Mine death reinforces importance of review – by Carol Mulligan (Sudbury Star – July 14, 2014)

The Sudbury Star is the City of Greater Sudbury’s daily newspaper.

The death of another employee at an Ontario mining company Thursday — the seventh this year — further illustrates the importance of the comprehensive Mining Health Safety and Prevention Review, says a Sudbury union leader.

A 38-year-old man who was using a loading machine to haul rocks died after being pinned under a rock about 2,700 feet below surface at North American Palladium’s Lac des Iles Mine north of Thunder Bay.

Myles Sullivan, area coordinator of United Steelworkers, said the man was a USW member and he expressed the union’s sorrow at his death, which is being investigated by the Ministry of Labour.

Sullivan said he remains convinced the mining review, started at the beginning of this year, will result in recommendations that will make mining safer for those who work in the industry, particularly if it moves into a second phase and examines safety at surface plants.

The review was established after strong lobby efforts from United Steelworkers and a citizens’ group called MINES (Mining Inquiring Needs Everyone’s Support), struck after the deaths of three workers at Vale mines in Sudbury. Both the union and MINES wanted a full-blown inquiry, similar to the one into the collapse of Algo Centre Mall in Elliot Lake that killed two people.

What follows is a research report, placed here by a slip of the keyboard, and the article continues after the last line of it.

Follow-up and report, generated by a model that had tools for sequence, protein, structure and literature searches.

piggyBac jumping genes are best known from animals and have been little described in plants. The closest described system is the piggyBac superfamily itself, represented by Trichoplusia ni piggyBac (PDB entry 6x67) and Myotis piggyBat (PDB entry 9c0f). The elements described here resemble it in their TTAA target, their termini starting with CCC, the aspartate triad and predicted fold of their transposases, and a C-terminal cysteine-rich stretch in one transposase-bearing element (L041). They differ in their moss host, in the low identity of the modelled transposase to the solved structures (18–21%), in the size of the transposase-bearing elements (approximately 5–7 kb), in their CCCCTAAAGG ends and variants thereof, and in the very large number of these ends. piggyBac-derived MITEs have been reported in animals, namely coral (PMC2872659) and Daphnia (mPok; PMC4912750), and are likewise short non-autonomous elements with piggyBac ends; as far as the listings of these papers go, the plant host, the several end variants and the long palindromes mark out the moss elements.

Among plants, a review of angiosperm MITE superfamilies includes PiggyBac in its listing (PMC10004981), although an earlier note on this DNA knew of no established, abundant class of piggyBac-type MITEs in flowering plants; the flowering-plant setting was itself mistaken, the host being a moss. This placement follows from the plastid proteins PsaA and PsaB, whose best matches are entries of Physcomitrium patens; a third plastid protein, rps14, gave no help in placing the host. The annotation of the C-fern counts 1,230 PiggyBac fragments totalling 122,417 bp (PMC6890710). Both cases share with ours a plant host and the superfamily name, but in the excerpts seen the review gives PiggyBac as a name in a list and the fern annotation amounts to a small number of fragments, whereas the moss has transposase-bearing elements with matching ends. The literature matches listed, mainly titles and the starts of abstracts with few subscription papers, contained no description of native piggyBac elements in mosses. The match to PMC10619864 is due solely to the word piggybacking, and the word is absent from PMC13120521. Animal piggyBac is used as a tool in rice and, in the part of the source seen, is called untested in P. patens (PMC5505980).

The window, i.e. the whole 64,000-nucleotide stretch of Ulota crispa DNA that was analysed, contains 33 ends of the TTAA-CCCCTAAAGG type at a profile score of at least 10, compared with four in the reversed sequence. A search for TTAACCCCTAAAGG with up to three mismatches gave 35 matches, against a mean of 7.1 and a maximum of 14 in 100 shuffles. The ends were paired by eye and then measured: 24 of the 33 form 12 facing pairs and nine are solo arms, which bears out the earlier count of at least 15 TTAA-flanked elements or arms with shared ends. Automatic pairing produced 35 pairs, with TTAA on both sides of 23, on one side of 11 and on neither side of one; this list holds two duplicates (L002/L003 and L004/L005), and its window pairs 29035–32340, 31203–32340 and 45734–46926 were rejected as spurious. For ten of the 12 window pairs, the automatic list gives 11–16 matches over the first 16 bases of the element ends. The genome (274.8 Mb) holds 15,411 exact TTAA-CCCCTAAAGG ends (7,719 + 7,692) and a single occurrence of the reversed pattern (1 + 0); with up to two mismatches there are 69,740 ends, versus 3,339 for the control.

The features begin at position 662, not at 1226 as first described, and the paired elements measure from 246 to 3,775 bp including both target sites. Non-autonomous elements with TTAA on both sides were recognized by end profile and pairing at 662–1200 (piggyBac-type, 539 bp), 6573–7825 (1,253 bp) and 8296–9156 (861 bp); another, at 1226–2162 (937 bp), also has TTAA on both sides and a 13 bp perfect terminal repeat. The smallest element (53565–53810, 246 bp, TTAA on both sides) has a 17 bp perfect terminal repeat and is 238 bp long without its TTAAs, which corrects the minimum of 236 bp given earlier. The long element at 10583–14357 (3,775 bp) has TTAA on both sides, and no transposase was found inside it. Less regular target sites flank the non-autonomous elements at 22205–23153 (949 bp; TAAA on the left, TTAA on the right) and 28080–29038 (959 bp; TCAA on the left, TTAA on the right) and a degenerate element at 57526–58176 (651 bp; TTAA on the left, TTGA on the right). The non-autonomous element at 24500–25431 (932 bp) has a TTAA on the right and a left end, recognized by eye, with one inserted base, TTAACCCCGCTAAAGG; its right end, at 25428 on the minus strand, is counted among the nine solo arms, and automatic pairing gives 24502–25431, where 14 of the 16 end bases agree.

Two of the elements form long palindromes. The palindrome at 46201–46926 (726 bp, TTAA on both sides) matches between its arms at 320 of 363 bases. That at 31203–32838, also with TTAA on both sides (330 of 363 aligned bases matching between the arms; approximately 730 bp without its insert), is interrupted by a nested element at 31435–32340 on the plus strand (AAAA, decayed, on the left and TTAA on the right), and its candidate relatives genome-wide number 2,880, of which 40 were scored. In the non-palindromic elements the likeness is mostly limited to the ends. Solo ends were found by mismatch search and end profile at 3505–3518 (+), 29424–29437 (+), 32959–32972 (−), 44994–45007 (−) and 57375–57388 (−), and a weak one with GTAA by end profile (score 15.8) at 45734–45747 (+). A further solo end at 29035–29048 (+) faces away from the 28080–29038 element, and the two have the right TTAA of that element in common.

They wanted the inquiry to examine the June 8, 2011 deaths of Jason Chenier and Jordan Fram at Stobie Mine, the Jan. 29, 2012 death of Stephen Perry at Coleman Mine and to overhaul mine safety.

Then Labour Minister Yasir Naqvi opted for a review led by Chief Prevention Officer George Gritziotis, a one-year process examining underground mine operations.

This year alone there have been three deaths at mine surface plants in Ontario.

Sudbury millwright Paul Rochette, 36, was killed April 6 when the pin on a crusher he was working on at Vale’s Copper Cliff Smelter Complex flew off and struck him.

June 25, a 26-year-old Rouyn, Quebec man died of injuries after an accident at Holt Mine near Matheson when he was on his way out of the mine on a bulldozer and a tree fell on the machine.

That same day, a second man was pronounced dead at Carmeuse Lime Quarry in Flamborough near Hamilton, although it wasn’t clear if it was due to medical or traumatic causes.

“We can’t keep accepting that mining’s a dangerous job, it’s a dangerous environment, fatalities happen and that’s part of doing business,” said Sullivan.

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